Kullback-Leibler divergence – interpretation [duplicate]

I have a question about the Kullback-Leibler divergence.

Can someone explain why the “distance” between the blue density and the “red” density is smaller than the distance between the “green” curve and the “red” one?

Graph of three pdfs

Answer

Because I compute slightly different values of the KL divergence than reported here, let’s start with my attempt at reproducing the graphs of these PDFs:

PDFs for red, blue, and green

The KL distance from F to G is the expectation, under the probability law F, of the difference in logarithms of their PDFs. Let us therefore look closely at the log PDFs. The values near 0 matter a lot, so let’s examine them. The next figure plots the log PDFs in the region from x=0 to x=0.10:

Log PDFs in the interval from 0 to 0.10

Mathematica computes that KL(red, blue) = 0.574461 and KL(red, green) = 0.641924. In the graph it is clear that between 0 and 0.02, approximately, log(green) differs far more from log(red) than does log(blue). Moreover, in this range there is still substantially large probability density for red: its logarithm is greater than -1 (so the density is greater than about 1/2).

Take a look at the differences in logarithms. Now the blue curve is the difference log(red) – log(blue) and the green curve is log(red) – log(green). The KL divergences (w.r.t. red) are the expectations (according to the red pdf) of these functions.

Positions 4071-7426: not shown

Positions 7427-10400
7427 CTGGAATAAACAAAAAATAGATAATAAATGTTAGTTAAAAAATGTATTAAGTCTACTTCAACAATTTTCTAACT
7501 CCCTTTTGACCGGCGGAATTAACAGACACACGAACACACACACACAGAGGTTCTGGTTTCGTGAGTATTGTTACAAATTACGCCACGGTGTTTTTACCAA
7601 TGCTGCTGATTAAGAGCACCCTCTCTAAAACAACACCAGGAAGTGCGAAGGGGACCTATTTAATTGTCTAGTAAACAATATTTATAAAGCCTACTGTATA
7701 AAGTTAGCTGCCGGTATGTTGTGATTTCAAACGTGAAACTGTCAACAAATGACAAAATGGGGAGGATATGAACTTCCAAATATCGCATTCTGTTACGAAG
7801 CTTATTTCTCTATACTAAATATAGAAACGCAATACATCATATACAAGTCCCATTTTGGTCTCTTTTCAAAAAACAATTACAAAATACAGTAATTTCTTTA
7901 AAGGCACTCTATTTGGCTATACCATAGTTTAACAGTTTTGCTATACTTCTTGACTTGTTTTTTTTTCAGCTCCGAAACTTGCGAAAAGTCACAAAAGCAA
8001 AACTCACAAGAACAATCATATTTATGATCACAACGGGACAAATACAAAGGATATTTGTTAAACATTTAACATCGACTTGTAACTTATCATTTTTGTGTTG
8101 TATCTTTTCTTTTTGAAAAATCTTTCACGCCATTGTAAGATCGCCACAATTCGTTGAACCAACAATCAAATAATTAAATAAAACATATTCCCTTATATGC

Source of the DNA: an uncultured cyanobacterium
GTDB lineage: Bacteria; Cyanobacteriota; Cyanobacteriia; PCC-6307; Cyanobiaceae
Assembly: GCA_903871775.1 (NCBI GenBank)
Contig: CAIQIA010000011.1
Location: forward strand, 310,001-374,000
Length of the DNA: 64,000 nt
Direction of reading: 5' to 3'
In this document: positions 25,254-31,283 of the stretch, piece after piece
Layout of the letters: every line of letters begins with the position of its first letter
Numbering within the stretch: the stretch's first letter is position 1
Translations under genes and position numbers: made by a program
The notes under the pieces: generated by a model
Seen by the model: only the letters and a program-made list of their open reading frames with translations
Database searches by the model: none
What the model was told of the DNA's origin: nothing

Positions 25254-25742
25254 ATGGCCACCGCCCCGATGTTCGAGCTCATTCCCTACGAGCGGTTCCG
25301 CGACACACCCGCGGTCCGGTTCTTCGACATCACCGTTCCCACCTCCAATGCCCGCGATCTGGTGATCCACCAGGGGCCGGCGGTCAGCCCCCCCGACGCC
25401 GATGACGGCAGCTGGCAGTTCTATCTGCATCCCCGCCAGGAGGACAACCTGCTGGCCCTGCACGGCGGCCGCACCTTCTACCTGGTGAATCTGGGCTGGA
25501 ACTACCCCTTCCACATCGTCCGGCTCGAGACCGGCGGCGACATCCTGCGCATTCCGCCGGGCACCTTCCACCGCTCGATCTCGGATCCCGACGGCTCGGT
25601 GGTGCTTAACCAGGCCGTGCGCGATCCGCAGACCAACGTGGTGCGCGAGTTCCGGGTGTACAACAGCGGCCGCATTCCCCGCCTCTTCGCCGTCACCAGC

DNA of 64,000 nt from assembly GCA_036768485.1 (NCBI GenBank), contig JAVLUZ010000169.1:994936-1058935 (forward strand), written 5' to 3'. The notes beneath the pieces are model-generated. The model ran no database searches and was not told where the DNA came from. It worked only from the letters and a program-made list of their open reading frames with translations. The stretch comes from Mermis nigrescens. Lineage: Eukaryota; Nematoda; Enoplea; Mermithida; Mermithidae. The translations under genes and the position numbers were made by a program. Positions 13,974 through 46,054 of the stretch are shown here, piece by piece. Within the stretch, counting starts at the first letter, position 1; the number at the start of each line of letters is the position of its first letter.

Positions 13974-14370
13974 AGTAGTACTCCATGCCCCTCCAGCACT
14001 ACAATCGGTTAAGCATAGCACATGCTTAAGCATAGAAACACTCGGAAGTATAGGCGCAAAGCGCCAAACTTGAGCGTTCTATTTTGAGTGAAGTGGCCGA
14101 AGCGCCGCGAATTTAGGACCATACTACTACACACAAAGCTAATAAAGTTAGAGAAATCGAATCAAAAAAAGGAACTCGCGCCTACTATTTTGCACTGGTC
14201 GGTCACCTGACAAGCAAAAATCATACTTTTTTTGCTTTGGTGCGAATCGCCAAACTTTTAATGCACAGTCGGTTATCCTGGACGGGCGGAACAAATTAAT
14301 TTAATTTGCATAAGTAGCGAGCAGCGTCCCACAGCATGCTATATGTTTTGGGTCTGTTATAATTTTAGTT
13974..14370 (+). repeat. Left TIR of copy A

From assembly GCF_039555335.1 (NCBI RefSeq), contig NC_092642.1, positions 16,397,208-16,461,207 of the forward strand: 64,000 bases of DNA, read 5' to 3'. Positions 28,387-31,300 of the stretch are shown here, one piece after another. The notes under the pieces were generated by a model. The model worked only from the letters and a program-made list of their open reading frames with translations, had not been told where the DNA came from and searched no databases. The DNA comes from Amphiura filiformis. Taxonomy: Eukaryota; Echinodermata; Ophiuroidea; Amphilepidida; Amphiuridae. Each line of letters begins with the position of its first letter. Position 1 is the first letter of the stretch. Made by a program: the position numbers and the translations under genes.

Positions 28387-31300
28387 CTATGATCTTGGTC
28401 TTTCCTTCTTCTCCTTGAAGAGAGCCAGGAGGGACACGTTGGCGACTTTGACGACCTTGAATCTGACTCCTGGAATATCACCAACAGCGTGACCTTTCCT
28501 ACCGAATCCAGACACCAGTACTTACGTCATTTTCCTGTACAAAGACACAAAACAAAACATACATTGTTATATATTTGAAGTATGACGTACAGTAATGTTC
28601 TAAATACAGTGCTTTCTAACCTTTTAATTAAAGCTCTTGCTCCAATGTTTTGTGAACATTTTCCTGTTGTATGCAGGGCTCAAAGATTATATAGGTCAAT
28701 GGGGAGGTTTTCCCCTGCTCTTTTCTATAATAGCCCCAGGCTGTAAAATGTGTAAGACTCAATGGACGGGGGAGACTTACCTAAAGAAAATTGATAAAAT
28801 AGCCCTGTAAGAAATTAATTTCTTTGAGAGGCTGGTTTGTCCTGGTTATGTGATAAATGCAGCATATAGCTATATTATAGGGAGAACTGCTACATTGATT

Log PDFs for red:blue and red:green, over the interval from 0 to 0.04

(Note the change in horizontal scale, which now focuses more closely near 0.)

Very roughly, it looks like a typical vertical distance between these curves is around 10 over the interval from 0 to 0.02, while a typical value for the red pdf is about 1/2. Thus, this interval alone should add about 10 * 0.02 /2 = 0.1 to the KL divergences. This just about explains the difference of .067. Yes, it’s true that the blue logarithms are further away than the green logs for larger horizontal values, but the differences are not as extreme and the red PDF decays quickly.

In brief, extreme differences in the left tails of the blue and green distributions, for values between 0 and 0.02, explain why KL(red, green) exceeds KL(red, blue).

Incidentally, KL(blue, red) = 0.454776 and KL(green, red) = 0.254469.


Code

Specify the distributions

red = GammaDistribution[1/.85, 1];
green = InverseGaussianDistribution[1, 1/3.];
blue = InverseGaussianDistribution[1, 1/5.];

Compute KL

Clear[kl];
(* Numeric integation between specified endpoints. *)
kl[pF_, qF_, l_, u_] := Module[{p, q},
   p[x_] := PDF[pF, x];
   q[x_] := PDF[qF, x];
   NIntegrate[p[x] (Log[p[x]] - Log[q[x]]), {x, l, u},  
    Method -> "LocalAdaptive"]
   ];
(* Integration over the entire domain. *)
kl[pF_, qF_] := Module[{p, q},
   p[x_] := PDF[pF, x];
   q[x_] := PDF[qF, x];
   Integrate[p[x] (Log[p[x]] - Log[q[x]]), {x, 0, \[Infinity]}]
   ];

kl[red, blue]
kl[red, green]
kl[blue, red, 0, \[Infinity]]
kl[green, red, 0, \[Infinity]]

Make the plots

Clear[plot];
plot[{f_, u_, r_}] := 
  Plot[Evaluate[f[#, x] & /@ {blue, red, green}], {x, 0, u}, 
   PlotStyle -> {{Thick, Darker[Blue]}, {Thick, Darker[Red]}, 
     {Thick, Darker[Green]}},
   PlotRange -> r,
   Exclusions -> {0},
   ImageSize -> 400
   ];
Table[
  plot[f], {f, {{PDF, 4, {Full, {0, 3}}}, {Log[PDF[##]] &, 
     0.1, {Full, Automatic}}}}
  ] // TableForm

Plot[{Log[PDF[red, x]] - Log[PDF[blue, x]], 
  Log[PDF[red, x]] - Log[PDF[green, x]]}, {x, 0, 0.04}, 
 PlotRange -> {Full, Automatic}, 
 PlotStyle -> {{Thick, Darker[Blue]}, {Thick, Darker[Green]}}]

Attribution
Source : Link , Question Author : Community , Answer Author : Community

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